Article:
The Blue Lagoon is one of the most visited attraction in Iceland, although I have doubts on whether the chicken (having the reputation of being the most visited) or the egg (being the most visited) came first. We set it on our agenda because it’s a must, and we mustn’t miss a must. When are we ever going to come here again? Name a price and we’ll pay it! I think that’s how tourist mentality which leads to milking works.
We paid 45 euros + 5 euros (to use the towels) each. We have been told later on by locals that lcelanders have their own price and package deals that cost a fraction of what we paid. On the one hand, I clench my teeth over the thought of people paying less than me for the same thing, on the other hand, it seems fair that locals should be compensated for having their city overrun by tourists.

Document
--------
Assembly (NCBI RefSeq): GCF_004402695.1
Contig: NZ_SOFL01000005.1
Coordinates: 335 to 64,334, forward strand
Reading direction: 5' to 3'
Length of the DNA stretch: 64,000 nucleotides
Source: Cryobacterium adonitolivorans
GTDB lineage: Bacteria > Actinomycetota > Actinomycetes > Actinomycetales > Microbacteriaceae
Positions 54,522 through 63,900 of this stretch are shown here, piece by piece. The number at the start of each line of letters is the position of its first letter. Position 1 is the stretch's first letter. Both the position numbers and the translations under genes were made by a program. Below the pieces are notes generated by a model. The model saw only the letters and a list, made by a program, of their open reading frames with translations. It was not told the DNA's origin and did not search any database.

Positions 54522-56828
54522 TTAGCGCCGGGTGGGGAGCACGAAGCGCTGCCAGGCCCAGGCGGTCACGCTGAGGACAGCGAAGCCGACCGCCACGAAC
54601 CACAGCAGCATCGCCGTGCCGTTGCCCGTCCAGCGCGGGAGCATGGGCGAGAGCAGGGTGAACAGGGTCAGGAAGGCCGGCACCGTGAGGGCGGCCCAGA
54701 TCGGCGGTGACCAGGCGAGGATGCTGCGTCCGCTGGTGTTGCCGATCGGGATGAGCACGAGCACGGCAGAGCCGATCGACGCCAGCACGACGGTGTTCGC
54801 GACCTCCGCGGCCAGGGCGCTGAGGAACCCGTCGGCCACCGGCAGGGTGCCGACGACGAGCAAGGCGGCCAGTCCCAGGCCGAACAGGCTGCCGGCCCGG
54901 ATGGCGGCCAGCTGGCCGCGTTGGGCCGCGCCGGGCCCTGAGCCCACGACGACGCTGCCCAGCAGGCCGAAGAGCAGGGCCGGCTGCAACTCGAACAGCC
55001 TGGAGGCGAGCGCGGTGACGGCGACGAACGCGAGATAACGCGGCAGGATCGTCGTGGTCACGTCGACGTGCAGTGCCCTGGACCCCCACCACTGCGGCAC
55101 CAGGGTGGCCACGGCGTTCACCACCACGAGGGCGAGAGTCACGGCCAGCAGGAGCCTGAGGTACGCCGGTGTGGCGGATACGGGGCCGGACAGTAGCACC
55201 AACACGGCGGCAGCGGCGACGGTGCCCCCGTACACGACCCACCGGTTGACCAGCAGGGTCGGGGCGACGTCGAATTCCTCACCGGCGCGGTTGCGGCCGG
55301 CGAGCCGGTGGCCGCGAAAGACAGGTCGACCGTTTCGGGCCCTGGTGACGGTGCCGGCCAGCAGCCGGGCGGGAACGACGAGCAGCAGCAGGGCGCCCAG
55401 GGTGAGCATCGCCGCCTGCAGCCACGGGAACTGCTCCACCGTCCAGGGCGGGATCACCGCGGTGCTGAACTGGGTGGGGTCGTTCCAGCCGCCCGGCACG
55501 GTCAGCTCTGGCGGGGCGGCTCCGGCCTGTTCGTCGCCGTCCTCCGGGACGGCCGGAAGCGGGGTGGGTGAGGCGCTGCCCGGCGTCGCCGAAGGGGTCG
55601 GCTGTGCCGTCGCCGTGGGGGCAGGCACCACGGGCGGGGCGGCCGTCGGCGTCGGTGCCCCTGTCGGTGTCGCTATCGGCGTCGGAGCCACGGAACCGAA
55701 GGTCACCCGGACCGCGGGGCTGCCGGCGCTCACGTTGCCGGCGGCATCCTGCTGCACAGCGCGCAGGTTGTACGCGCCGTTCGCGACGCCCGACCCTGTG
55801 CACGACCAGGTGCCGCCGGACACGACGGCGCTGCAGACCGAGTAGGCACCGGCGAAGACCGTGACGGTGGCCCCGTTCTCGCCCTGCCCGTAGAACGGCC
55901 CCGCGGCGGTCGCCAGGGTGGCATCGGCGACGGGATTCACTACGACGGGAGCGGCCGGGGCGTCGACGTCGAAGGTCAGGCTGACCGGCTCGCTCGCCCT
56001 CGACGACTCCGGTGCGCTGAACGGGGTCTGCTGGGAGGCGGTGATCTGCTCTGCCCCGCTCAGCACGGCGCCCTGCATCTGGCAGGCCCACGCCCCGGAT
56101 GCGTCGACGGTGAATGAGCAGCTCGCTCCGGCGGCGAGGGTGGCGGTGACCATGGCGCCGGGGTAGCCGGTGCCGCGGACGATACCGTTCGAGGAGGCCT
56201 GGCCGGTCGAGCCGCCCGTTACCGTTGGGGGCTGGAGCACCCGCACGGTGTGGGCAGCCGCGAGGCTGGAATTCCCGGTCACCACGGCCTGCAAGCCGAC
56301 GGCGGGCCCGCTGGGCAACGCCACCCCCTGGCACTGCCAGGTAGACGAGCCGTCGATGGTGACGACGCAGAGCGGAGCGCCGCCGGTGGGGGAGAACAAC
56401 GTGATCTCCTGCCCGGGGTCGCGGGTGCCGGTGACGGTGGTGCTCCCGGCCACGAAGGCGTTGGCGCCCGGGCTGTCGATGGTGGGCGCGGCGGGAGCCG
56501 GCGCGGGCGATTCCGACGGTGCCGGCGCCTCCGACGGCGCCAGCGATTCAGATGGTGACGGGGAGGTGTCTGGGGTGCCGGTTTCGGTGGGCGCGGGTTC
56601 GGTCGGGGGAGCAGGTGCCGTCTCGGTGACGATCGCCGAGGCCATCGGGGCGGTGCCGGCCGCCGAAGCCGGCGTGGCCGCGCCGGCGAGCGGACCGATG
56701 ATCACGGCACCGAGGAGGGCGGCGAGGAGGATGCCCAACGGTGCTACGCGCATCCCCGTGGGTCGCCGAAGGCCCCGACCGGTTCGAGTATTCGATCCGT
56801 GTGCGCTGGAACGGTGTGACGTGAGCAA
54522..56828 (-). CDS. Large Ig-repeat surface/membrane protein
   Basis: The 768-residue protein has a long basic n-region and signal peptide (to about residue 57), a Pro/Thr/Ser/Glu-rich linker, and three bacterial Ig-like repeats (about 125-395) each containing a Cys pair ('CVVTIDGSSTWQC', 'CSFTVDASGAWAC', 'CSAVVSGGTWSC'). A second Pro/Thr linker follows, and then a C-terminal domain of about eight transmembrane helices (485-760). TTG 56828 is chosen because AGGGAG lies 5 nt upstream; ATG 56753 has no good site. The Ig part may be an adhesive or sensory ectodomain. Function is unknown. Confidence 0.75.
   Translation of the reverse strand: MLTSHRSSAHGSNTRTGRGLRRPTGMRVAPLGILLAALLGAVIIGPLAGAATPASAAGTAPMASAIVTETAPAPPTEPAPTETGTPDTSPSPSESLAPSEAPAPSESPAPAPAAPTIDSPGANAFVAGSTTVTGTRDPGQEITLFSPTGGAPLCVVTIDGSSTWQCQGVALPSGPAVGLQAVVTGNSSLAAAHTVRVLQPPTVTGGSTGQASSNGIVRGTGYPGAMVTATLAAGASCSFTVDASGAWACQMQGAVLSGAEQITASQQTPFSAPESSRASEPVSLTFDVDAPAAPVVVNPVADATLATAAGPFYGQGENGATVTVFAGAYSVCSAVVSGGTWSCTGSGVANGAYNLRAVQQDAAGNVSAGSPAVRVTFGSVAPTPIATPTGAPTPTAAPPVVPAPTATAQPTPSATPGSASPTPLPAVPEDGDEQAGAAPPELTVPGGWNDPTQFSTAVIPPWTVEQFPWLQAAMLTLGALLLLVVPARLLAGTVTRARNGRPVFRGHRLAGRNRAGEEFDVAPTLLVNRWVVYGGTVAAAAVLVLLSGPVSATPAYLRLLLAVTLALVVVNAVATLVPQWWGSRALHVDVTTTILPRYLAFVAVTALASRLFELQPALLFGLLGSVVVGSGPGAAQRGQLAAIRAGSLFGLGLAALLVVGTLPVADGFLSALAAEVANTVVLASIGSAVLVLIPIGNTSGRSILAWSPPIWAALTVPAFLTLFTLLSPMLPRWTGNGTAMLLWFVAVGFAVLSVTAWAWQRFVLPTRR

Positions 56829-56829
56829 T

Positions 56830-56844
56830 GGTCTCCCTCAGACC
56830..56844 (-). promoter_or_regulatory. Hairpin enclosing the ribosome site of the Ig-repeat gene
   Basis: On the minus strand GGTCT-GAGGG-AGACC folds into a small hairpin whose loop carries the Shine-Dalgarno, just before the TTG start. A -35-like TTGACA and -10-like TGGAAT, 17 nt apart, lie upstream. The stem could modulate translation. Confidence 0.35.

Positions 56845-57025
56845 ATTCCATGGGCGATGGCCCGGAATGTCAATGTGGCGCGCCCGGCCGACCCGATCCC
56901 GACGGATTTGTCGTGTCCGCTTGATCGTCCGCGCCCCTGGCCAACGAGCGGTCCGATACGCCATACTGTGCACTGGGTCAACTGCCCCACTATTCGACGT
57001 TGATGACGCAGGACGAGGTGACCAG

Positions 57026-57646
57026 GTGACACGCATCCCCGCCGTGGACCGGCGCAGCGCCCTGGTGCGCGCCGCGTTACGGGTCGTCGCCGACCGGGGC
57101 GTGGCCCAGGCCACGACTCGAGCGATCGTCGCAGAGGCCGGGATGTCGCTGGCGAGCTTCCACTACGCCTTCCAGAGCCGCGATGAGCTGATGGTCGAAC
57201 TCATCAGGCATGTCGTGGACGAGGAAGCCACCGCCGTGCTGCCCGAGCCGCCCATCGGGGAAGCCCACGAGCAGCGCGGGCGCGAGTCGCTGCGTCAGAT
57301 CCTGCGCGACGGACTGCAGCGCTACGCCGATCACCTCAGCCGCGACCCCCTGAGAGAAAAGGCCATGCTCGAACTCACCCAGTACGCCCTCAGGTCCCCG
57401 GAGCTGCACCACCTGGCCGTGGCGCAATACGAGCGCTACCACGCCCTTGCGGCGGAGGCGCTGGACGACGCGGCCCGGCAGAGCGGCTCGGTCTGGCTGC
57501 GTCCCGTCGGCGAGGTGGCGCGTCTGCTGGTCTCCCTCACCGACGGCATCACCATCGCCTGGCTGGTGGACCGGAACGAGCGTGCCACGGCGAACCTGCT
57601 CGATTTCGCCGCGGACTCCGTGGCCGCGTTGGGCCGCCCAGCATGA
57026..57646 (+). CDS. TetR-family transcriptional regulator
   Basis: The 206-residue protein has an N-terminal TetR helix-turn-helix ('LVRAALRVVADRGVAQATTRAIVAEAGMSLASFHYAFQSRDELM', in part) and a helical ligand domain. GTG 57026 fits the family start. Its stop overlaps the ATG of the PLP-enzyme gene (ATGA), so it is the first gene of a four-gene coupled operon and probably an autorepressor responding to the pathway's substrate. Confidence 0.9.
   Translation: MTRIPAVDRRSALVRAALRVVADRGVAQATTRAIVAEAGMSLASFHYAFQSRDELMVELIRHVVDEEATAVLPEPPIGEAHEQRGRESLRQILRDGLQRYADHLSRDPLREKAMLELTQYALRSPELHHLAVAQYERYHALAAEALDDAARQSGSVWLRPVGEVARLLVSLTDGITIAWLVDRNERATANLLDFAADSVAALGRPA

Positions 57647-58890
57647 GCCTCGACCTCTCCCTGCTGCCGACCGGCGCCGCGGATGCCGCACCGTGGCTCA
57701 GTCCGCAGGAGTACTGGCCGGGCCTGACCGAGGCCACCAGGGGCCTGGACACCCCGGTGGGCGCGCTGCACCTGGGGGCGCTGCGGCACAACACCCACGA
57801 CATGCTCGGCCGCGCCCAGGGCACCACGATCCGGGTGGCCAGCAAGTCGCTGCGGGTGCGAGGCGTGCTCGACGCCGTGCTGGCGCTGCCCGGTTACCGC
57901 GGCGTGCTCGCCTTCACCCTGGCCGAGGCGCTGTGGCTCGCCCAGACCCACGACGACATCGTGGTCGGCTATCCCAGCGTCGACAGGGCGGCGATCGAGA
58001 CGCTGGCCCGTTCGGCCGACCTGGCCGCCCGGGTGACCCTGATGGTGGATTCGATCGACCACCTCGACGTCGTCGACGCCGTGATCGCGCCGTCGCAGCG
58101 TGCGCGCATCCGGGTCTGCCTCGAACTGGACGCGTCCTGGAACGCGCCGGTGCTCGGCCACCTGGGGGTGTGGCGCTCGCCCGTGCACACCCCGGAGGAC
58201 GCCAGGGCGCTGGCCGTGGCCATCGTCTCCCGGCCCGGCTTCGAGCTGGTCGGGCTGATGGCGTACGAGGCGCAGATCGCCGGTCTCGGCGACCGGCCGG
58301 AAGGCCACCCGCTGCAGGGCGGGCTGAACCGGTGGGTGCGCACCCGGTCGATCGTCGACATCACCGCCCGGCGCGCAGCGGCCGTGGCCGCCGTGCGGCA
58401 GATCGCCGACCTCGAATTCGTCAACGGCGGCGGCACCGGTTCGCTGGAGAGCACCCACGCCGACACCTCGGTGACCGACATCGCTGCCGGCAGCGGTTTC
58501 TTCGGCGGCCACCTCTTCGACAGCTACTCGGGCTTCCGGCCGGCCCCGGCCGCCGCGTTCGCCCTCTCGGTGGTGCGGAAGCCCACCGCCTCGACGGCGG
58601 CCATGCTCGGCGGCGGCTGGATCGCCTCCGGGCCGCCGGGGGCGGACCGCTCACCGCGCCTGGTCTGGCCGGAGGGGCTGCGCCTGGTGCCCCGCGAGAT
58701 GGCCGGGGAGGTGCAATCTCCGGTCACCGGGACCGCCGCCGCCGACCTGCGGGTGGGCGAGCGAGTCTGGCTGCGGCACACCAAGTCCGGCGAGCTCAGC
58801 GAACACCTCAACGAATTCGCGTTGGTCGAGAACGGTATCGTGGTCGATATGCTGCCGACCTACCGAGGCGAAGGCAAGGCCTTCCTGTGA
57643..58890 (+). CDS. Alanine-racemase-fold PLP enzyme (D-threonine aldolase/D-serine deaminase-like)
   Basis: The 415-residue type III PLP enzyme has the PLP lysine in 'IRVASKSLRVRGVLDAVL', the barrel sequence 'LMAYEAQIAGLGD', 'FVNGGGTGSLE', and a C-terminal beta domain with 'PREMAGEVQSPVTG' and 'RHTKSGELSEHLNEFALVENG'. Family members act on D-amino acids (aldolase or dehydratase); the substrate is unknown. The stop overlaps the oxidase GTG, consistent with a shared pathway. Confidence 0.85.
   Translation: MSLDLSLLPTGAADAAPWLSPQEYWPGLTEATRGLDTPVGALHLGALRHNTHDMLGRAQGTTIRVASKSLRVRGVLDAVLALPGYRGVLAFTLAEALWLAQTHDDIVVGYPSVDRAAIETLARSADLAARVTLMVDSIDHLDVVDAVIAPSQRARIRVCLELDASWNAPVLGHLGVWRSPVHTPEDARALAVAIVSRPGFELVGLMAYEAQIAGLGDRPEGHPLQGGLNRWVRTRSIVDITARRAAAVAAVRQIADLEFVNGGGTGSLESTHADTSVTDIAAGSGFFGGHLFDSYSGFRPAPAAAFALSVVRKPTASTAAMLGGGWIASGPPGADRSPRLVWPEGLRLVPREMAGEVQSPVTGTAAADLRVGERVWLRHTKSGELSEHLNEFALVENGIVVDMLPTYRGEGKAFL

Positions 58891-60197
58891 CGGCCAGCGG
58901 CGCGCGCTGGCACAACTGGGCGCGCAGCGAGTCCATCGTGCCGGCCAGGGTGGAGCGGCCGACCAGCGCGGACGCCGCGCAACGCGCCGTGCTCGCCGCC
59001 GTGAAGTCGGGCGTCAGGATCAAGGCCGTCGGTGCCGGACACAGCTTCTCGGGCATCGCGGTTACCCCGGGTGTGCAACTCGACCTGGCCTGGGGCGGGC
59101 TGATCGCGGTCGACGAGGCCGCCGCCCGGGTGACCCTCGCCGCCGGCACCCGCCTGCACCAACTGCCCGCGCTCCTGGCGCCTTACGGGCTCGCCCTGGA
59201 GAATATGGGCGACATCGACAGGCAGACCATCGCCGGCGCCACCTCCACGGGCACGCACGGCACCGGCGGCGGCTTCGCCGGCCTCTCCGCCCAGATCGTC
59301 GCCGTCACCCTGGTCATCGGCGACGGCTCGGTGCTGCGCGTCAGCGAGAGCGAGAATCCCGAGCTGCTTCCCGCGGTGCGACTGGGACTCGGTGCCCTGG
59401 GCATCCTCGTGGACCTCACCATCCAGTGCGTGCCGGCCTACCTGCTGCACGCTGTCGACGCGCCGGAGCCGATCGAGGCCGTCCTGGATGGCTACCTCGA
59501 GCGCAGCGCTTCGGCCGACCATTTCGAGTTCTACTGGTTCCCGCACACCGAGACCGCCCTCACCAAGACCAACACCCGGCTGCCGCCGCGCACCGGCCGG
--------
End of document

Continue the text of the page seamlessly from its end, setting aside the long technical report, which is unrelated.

The experience was indeed unique. The facilities are modern and top-notch. It was drizzling and chilly which made the emersion into warm water all the more comforting. There are some skin smoothing mineral clay you can rub all over your face and neck for free in the spa. I think they sell a tube of that stuff for 100 euros in their store. Rub on liberally.
Although ample warning is given about what the silica content will do to your hair, nothing prepares you for the foreign hay that will become of your former hair. I ran two fingers down a strand of hair two days later, and it squeaked. Note to hair: avoid contact with Blue Lagoon water at all cost.
Considering that there are A LOT of hot springs in Iceland, many of which are free or close to free, you are paying for the silica mud (which gives the lagoon its milky color). I liked it, but did I like it 50 euros much? Maybe more like 25 euros much.
Oh, and the Blue Lagoon is man-made.